I was really cheering for this tea from the get-go, primarily for two reasons. First, I found an identifiable smell (other than the “smell of sheng” that I can’t classify otherwise) to the wet leaves. Second, the initial 1-3 infusions were quite bold and the flavor was wonderful. Thereafter, the flavor declined steeply, and did not return by infusion 10 even with longer steeps and a temperature bump. I doubt upping the leaf/water ratio would help.
Overall I’m disappointed by this tea, but thankful to have received a free sample. I’m open to changing my opinion when I try the remaining sample again.
Wet leaf: citrus
Flavors: Citrus, Pear, Sweet
This is $0.08/g?! God I love puerh. Not an amazing tea or anything, but for that price it’s quite exceptional. Will be getting a cake of this one.
Bitterness is very mild and far overshadowed by the sweetness of the later infusions. No astringency. Also the first time I’ve tasted cantaloupe (one of my favorite fruits) in a tea. Usually I get notes of honeydew (the bane of my existence; it’s a subtle difference I know :)) if a tea is melony. In the fruit salad of melon-flavored teas, this is a welcome reprieve from monotony. It’s an understatement that I can down some refrigerated cantaloupes on the hot summer days of Georgia. Glad to find a tea that will round out those days well.
Longevity is 15+ infusions. Liquor coats the tongue like a weighted blanket. Minutes-long aftertaste is wonderfully sweet.
Apparently Nanzhao has been a series Xiaguan has produced since the 90s. The name refers to an ancient Chinese kingdom in modern day Yunnan. The series tend to have high ratio of large buds on the surface, and aim to be sweeter than the average puerh.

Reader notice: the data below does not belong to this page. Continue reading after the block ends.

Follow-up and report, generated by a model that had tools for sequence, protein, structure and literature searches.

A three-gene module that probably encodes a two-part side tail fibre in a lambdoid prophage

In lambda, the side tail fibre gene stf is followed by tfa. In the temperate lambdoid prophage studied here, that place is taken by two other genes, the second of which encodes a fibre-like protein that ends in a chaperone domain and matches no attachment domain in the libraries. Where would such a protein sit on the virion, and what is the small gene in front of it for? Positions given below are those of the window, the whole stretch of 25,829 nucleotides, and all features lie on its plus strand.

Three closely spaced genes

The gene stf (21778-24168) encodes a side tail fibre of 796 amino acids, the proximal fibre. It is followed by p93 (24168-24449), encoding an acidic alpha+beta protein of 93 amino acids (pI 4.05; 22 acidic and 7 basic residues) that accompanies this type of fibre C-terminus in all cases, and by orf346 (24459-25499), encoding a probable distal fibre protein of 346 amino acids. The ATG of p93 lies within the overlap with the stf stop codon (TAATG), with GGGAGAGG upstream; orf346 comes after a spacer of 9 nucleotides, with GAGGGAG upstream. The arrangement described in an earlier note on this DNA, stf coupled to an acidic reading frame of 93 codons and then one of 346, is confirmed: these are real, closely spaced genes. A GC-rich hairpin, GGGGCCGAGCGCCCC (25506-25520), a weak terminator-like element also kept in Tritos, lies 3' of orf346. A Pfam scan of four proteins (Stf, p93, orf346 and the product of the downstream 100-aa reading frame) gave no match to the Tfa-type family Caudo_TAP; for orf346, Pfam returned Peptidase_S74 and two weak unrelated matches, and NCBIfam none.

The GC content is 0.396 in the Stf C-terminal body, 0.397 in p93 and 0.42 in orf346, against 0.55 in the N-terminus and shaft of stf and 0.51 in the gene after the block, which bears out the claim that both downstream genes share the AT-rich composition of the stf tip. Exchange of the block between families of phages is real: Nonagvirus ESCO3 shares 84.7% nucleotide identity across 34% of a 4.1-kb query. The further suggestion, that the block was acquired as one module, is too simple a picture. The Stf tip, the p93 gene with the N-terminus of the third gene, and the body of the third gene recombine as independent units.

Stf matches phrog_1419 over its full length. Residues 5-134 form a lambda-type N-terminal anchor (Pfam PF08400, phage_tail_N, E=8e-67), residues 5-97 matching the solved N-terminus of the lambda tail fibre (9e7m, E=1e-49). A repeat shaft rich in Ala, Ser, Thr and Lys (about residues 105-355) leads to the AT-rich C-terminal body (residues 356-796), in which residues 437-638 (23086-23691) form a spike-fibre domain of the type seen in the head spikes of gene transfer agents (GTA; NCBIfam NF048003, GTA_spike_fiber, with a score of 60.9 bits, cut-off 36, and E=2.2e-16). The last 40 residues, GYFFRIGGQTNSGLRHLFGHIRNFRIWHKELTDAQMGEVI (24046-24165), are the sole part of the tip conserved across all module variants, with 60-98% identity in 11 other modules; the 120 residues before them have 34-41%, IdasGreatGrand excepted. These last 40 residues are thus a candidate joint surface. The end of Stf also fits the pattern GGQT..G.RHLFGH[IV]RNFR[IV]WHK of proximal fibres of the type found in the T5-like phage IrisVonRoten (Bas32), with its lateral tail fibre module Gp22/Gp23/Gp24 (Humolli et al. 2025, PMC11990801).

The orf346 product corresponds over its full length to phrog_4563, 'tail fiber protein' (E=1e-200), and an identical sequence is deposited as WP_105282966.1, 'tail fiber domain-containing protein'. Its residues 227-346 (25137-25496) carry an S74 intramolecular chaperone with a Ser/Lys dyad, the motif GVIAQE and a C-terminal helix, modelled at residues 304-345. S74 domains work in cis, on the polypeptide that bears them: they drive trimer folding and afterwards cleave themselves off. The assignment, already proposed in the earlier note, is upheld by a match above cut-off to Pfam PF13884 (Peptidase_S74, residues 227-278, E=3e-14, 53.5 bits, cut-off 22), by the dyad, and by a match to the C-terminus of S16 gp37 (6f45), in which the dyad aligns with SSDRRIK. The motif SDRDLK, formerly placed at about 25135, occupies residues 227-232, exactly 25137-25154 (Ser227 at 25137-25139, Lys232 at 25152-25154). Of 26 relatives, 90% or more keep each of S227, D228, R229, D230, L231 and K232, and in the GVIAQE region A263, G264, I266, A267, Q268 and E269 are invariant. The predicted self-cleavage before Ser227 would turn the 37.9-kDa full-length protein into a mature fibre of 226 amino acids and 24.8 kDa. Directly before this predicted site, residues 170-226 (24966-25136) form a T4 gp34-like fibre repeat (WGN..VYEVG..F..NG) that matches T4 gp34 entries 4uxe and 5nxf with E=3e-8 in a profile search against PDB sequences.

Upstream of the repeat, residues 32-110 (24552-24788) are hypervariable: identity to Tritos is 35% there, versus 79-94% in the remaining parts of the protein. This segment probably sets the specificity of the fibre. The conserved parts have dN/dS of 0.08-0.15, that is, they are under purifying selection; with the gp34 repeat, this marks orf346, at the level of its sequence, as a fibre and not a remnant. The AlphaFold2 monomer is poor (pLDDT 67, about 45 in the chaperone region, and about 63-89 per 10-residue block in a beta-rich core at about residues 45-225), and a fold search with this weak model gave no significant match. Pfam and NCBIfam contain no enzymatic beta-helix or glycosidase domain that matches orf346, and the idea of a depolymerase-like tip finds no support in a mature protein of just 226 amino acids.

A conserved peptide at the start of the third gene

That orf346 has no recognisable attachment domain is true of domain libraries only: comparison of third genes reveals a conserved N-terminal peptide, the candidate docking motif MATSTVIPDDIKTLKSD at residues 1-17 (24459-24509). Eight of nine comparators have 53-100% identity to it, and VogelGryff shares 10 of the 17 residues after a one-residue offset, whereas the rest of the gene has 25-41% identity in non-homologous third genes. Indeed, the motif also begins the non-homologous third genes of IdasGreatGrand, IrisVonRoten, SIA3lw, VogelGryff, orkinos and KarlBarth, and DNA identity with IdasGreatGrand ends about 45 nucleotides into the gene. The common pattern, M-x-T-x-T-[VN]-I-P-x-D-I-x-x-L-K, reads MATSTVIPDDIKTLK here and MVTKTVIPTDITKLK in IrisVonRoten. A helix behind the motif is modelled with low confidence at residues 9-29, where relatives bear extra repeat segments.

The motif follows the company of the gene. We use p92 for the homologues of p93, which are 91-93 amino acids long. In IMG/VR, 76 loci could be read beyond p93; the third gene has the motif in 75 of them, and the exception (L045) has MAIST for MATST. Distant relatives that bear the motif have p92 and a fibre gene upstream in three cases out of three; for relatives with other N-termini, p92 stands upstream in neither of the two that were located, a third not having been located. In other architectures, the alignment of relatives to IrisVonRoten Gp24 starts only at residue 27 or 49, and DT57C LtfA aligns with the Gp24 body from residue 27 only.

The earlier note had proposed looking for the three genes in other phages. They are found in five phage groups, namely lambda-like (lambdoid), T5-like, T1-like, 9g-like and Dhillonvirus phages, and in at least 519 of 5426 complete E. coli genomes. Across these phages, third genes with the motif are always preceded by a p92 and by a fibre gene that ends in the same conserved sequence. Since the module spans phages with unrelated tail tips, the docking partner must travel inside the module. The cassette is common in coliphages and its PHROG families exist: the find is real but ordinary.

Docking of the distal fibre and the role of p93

If you prefer the sharp, bitter flavor of unbridled young shengs, this milder tea is probably not your style.
Flavors: Bitter, Cantaloupe, Honey, Smoke, Sweet, Vegetal
I am noticing a trend in shengs as I sample more of them. The semi-aged ones seem to have retained some of the bitterness on the front/middle end of younger shengs (2-5 yrs old), but the bitterness dissipates earlier and is replaced by a more noticeable sweet/fruity presence near infusion 6-8. Will revisit this hypothesis as I sample more shengs.
Mouthfeel is initially bright and later becomes chalky around infusions 5-7. Longevity was good with >= 15 infusions. Bitterness is medium-low and peaks at about the max level I can comfortably tolerate before sliding away with molasses-speed.
This is certainly a nice tea for the price at under $0.10/g, but I’m not yet convinced to buy a cake. I love the initial 1-2 infusions, and dont mind 3-6, but to me, the meat of the tea is in the later infusions. It is unclear to me if, with aging, the flavor of these later infusions would persist, predominate, and/or begin earlier. Certainly a nice tea and definitely one I’d be happy to drink should someone offer it to me :). Apparently, Mansa is a village on Yiwu mountain.
Flavor progression: Cream + oregano → bitter + bright + savory → bitter + wet earth → sweet + apple skins → sweet + apple + honeydew
Flavors: Apple Skins, Bitter, Bright, Chalk, Cream, Honeydew, Oregano, Savory, Sweet, Wet Earth
Found an old sample of this tea in my cupboard this weekend, figured I might as well kill it. I used all three good nugs and some crumbs in my 130ml gaiwan. Gave it an aggressive rinse before letting the tea try it’s best to open up. The storage situation wasn’t the best for this sample, but I was still able to enjoy the thick silkiness of the broth anyway. There wasn’t too much complexity in this tea anymore, which was a little disappointing. I was able to get some subtle dark cherry and woody notes from each steep though, which felt redemptive. all in all it was unmemorable few steeps.